There were times yesterday when it was hard to believe that there had been a change of Chancellor, so reminiscent of his predecessor's register and cadences was the Budget speech of Alistair Darling. There was, though, an extra note of sombreness, which defined the difference between 2007 and 2008. And this was not just – as Mr Darling tried repeatedly to insist – because of the uncertainty of the global climate to which our admirably open economy was inevitably exposed. It reflected a sense of home-grown insecurity as well.
The word to which the Chancellor returned time and again was "stability". He intended it as reassurance. If maintaining stability is the Chancellor's priority, however, it rather presupposes that the enemy at the gate is instability. This inspires less confidence than he may have hoped. Superficially, everything was on course. Existing targets for spending, borrowing and the rest would be met. Judged against other major industrialised countries, Britain was performing well: low inflation, low unemployment and record numbers in jobs. But, as David Cameron was quick to point out, you pick and choose your comparisons. On other indices, such as interest rates and debt, we do not look nearly as exemplary.
Britain's strength – or weakness – in the face of the global slowdown is something that will be debated at least until the next election, whenever it is held. Set beside his macro-concern with stability, however, what the Chancellor actually announced were mostly micro-measures in a Budget that came close to being a non-event. He confirmed previously announced changes in savings and tax rates. He deferred the fuel tax increase, in the light of soaring oil prices. And, in a clear effort to appear decisive, he stressed that he was sticking to his latest revisions of capital gains tax and arrangements for the non-domiciled super-rich.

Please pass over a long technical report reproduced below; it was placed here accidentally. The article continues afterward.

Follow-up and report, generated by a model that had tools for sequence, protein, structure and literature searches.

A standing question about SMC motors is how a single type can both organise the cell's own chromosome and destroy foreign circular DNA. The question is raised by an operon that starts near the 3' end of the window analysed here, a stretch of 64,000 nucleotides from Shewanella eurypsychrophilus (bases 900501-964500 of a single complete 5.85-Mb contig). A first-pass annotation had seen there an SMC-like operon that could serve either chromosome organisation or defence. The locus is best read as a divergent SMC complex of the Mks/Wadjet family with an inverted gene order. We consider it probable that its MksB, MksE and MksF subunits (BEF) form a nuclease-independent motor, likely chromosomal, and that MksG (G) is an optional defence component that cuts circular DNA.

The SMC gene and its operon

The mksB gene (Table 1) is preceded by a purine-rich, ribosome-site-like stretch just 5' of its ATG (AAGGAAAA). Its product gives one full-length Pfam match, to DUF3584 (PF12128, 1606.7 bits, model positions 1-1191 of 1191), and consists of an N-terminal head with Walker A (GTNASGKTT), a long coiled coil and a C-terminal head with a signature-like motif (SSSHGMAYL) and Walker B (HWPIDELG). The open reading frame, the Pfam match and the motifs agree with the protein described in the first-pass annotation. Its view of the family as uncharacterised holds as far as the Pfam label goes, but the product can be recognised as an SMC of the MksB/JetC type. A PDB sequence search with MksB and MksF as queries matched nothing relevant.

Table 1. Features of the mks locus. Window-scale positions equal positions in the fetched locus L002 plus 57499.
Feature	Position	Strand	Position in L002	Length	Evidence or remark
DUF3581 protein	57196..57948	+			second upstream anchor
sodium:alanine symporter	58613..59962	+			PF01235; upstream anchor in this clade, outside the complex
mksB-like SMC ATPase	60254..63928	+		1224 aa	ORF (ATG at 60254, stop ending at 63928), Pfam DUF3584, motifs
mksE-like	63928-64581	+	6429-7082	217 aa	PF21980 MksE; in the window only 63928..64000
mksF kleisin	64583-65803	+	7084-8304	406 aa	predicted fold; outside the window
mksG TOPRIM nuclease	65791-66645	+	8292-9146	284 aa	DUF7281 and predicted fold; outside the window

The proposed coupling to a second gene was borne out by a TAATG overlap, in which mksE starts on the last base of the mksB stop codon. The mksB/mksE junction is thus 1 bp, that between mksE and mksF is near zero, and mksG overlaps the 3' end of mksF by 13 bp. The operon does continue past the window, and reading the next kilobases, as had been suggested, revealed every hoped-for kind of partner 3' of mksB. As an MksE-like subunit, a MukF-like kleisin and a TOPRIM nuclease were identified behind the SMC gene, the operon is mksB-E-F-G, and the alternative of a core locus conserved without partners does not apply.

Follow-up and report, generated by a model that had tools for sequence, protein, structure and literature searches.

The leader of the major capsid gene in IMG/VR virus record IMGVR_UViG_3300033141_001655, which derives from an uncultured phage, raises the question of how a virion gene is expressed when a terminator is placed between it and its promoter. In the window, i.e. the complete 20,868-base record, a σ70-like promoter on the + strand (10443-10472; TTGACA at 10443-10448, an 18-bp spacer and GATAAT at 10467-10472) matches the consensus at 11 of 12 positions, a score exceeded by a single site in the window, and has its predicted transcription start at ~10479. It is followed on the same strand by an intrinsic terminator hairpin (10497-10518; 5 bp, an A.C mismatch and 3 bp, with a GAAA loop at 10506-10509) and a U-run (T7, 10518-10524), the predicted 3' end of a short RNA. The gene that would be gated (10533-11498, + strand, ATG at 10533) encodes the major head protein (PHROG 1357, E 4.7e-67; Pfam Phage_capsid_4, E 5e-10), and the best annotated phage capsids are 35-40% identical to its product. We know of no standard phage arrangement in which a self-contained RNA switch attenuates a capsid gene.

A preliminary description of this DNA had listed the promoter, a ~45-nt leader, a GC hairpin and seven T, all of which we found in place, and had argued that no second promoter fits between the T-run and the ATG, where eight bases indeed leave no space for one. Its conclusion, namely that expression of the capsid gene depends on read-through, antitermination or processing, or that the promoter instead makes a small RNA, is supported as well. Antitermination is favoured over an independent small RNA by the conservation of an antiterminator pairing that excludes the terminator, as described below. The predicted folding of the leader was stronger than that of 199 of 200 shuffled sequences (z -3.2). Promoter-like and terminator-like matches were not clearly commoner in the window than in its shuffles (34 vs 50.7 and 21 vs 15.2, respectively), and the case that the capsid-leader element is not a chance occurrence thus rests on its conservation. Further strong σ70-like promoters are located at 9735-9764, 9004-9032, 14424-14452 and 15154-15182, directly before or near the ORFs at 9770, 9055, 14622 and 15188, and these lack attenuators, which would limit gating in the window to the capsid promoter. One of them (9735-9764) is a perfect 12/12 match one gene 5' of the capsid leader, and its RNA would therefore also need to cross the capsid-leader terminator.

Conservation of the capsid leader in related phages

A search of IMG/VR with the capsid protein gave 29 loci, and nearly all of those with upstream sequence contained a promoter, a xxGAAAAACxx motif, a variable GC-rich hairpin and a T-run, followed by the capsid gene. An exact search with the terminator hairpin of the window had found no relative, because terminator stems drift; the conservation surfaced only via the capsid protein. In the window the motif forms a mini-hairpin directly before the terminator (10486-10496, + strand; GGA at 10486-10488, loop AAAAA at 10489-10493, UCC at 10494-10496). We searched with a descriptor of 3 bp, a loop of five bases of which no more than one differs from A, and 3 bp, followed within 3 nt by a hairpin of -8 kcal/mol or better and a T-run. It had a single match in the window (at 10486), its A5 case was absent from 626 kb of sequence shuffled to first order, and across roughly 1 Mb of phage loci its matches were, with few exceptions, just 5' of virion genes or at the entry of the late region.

Child benefits are being raised ahead of time, in a probably vain effort to meet the target of halving child poverty by 2010, while at the other end of the age spectrum, pensioners' winter fuel payments are being increased. Elsewhere, a few hundred million pounds were scattered around worthy recipients, such as GCSE teaching and affordable housing. To help pay for this very limited largesse, there was a return with a vengeance to the traditional "sin" taxes on tobacco and alcohol.
Although road-pricing made a welcome, if unexpected, return, barely a week after apparently being rejected by the Transport Secretary, the supposed "green" taxes were a disappointment. They smacked of revenue-raising rather than conviction. Compulsory charging for plastic bags will be considered – but only if supermarkets fail to act before 2009; a new scale for car tax will encourage cleaner cars, but not quite yet.
Overall, Mr Darling's Budget was little more than an assemblage of micro-measures, which illustrated just how little room for manoeuvre his predecessor – and the global climate, and the rescue of Northern Rock – had left him. That he had to hark back so often to comparisons with 10 or 20 years ago also showed how few bragging rights Labour's 11 years in power had given him. Introducing his Budgets, Mr Brown would proudly announce the latest year of continuous growth. Mr Darling had implicitly to recognise that, as leaner times loom, precious little remains in the national kitty.
This is not to criticise the rise in spending as such. Public services were neglected and the infrastructure needed attention. Our complaint is that so much was spent for such relatively modest returns. In time, the former Chancellor's reputation for sound stewardship may start to look less secure. If it does, there is a certain irony that he will face the consequences as Prime Minister.